BYU Asian Studies Journal


Adam Wheeler


BYU Asian Studies, Jinno Shotoki, Japan, Shinkoku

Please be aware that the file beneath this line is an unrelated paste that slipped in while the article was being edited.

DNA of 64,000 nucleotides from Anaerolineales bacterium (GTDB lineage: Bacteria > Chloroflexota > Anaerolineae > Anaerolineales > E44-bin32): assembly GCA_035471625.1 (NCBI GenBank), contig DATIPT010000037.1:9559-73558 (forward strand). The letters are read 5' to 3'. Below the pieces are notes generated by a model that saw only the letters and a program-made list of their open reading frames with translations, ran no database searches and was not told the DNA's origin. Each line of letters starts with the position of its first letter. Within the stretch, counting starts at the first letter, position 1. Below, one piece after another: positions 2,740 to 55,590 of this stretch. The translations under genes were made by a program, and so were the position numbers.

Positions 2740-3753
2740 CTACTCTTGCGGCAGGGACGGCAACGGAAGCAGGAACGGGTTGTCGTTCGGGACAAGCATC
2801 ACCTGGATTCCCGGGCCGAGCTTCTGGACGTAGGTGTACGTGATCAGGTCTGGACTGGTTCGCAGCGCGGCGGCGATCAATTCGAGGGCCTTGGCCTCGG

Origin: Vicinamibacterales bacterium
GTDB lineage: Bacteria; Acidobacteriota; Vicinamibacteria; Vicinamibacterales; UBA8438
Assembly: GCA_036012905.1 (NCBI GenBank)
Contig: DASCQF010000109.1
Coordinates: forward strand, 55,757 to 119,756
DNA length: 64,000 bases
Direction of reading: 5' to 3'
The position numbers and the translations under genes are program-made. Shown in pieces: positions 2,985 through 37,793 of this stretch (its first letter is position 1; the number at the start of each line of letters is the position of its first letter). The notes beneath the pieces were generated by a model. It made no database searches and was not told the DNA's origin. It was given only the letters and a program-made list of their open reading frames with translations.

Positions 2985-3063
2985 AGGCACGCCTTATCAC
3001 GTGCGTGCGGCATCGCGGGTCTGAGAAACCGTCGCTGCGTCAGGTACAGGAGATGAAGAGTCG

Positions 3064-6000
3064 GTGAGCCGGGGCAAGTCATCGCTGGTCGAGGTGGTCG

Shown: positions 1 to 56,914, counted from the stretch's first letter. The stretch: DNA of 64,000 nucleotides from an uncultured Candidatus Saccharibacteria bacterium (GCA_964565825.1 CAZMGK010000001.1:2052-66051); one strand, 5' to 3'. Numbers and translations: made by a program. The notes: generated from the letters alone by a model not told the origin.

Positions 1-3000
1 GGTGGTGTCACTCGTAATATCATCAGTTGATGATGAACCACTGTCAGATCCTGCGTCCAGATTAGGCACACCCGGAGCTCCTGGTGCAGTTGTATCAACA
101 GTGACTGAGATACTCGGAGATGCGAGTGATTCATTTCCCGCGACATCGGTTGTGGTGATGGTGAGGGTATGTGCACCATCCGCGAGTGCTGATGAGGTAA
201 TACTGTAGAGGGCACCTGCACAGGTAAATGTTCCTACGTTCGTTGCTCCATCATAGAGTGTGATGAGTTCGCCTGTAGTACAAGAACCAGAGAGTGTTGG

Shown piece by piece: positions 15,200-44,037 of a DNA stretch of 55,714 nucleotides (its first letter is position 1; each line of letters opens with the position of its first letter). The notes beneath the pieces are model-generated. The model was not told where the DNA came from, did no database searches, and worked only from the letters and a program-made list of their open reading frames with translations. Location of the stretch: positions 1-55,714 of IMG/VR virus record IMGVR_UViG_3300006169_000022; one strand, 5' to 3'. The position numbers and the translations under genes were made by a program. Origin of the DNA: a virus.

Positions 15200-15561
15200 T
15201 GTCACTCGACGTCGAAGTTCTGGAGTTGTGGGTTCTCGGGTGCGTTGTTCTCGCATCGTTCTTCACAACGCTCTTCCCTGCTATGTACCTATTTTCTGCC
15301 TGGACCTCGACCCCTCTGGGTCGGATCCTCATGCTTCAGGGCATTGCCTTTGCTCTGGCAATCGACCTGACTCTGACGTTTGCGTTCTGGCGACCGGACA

It is widely held by Japanese and non-Japanese historians alike that Japan has enjoyed an uninterrupted reign by a single royal family for at least the last 1,500 years, if not longer. This unprecedented system of government has given rise to much investigation as to how such a feat could have been accomplished and has also given rise to the belief that Japan is Shinkoku, or “divine land.” Theories on the longevity of the Japanese imperial family have been based on the relationship between them and surrounding families of influence, as well as the tenuous relationship that existed between the Imperial family and the shogunate (hereditary commander of the Japanese army who exercised absolute rule under the nominal leadership of the emperor) of the warring states period. Most, if not all, examinations take for granted that Japanese genealogies and documents bestow an equivalent sum of power, prestige, and respect that less enduring dynasties and monarchs in other countries possessed. This assumption gives unwarranted acknowledgment and credit to the Japanese imperial line that, while unique in its organization and its perpetuation, does not translate to the same significance of other countries’ ruling families if they had lasted as long.